Commitments made under the Grand Bargain Agreement have failed to meet their target. According to the 2018 report by ALNAP – a global network of humanitarian organizations dedicated to learning how to improve responses to humanitarian crises – the expected 25% share of the global humanitarian funding set to reach the global south by 2020 has not been achieved.
Actually, only a menial 3.1% of total humanitarian assistance went directly to local state and non-state actors. According to a report from the 2018 Financial Tracking Service, local NGOs in the global south received just about 0.4% of it, which was the same in 2017 and 2016.
With such a disappointing performance, Degan Ali, Director of Adeso, a Somali-based organization, describes localization as rhetoric. According to her, localization is: “a lot of nice aspirational language, but no real action and substantive systems change.”
This therefore requires us to find ways to ensure that there is a “substantive systems change”; one that will ensure that the underlying goals of the localization agenda are met.
Mark Lowcock, United Nations Under-Secretary-General for Humanitarian Affairs and Emergency Relief Coordinator explains argues that now is the time to find the right incentives to heal the humanitarian system. He attributes the way money flows in the system to be a key source of failure of the system – and this is steered by donors.
There is a dire need to address this and Chernoh Bah, Co-Founder and CEO of Purposeful, a feminist organization based in Sierra Leone offers a solution: “What needs to happen is a systematic organization, organizing, challenging and demanding the kind of systemic reforms we are talking about.”
Bah made this remark during a webinar organized by the West Africa Civil Society Institute (WACSI), STAR Ghana Foundation and the GFCF, with support from the NEAR Network and Save the Children Denmark, that sought to interrogate this intermediary structure within the philanthropy/donor funding system and identify how it is altering the localization agenda initiative.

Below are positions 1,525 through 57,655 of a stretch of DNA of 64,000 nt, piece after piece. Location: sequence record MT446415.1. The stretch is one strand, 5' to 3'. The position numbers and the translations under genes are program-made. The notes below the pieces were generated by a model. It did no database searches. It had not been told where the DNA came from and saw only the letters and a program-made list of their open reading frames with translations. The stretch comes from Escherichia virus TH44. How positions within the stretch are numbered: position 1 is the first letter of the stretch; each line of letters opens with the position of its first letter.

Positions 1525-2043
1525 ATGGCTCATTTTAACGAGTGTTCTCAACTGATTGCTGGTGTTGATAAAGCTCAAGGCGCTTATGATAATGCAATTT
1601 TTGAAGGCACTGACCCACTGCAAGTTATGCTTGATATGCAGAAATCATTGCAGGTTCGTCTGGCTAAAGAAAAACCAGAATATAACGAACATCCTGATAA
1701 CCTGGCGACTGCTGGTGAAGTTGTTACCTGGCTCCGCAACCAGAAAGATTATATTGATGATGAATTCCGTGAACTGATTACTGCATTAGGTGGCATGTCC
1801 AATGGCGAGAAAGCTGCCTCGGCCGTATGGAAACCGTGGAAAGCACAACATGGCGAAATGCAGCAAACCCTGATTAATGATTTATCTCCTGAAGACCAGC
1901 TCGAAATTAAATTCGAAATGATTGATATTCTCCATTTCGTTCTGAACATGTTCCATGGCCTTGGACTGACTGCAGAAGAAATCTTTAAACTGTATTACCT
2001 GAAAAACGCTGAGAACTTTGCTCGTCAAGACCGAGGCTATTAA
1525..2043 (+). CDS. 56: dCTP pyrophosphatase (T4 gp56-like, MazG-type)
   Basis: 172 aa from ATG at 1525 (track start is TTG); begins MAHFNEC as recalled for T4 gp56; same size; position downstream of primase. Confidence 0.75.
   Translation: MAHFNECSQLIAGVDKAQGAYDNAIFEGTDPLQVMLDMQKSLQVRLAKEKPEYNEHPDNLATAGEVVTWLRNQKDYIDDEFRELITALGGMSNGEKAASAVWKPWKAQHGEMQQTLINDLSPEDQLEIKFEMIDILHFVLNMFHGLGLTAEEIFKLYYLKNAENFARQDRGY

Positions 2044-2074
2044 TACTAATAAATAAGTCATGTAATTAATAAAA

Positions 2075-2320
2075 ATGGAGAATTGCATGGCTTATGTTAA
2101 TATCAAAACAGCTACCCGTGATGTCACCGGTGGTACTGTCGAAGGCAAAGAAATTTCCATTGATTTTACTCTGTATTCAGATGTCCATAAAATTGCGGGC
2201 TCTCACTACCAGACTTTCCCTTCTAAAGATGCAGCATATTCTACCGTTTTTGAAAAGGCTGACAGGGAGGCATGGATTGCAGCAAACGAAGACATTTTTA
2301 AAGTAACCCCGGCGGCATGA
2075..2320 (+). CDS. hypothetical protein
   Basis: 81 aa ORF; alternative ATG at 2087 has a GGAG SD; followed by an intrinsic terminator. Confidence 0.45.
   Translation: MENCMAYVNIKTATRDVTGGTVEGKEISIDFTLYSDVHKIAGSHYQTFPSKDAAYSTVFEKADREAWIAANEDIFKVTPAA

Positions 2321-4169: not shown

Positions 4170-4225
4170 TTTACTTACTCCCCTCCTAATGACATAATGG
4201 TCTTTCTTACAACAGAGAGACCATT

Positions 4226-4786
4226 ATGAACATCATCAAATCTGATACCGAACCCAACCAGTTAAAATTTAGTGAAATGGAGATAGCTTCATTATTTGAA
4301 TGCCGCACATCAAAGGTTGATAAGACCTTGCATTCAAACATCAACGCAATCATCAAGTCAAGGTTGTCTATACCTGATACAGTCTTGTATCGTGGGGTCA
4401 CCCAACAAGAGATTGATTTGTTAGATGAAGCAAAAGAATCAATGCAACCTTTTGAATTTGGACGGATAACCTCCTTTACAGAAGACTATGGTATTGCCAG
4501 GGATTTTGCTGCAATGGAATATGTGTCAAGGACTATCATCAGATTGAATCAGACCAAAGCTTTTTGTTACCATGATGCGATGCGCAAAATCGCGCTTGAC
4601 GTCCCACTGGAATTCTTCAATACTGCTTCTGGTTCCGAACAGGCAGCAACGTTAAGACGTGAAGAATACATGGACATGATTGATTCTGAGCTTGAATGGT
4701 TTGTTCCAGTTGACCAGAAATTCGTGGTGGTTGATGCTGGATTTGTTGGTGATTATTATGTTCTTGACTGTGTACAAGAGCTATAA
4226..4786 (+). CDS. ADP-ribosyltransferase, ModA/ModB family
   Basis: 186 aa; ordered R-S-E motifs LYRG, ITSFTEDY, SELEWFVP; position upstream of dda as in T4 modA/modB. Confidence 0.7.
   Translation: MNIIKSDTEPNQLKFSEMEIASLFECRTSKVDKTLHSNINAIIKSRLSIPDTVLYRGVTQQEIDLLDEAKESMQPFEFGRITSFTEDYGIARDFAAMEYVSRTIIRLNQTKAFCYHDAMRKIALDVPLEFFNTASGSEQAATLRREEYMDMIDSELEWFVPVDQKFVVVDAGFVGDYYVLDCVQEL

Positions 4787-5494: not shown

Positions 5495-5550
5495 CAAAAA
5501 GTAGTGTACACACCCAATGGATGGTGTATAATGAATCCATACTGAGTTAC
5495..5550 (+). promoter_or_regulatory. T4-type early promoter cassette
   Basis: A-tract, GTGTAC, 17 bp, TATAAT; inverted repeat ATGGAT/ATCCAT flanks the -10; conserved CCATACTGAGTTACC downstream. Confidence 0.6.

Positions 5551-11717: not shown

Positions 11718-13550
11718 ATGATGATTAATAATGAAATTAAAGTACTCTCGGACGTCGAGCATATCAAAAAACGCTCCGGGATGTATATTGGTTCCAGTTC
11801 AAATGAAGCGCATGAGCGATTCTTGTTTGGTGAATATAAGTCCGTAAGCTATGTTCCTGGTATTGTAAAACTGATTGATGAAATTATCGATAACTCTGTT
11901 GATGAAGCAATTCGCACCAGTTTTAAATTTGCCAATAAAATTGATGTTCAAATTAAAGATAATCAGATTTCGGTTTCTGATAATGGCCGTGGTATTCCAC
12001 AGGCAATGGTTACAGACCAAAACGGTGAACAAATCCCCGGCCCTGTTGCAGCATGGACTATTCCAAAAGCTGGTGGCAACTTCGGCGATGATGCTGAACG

Lately, the localization agenda has come under some fierce criticisms. It is being considered as an instrument that does not fully originate from and reflect the aspirations of actors in the global south.
“Localization also isn’t something that came from partner communities. It came from the northern institutions. So, in that regard, as it doesn’t really reflect partner capabilities, the term itself is null and void. It’s also an ‘agenda’ we in the south are being forced to push, when many of us simply want to just get on with our work and be credited for the change we bring in our own communities,” says Themrise Khan, an independent development practitioner and researcher from Pakistan who has worked extensively with local organizations in the south for decades.
Susan Njambi, a social development specialist who works closely with local organizations and communities in East Africa further questions the intent of the localization agenda: “We need to go ahead and interrogate the architecture of this localization agenda; does it appreciate the indigenous development models that have empowered local players? Is there investment, heavy lifting committed, to go against the grain of popularity and promoting homegrown small-scale solutions?”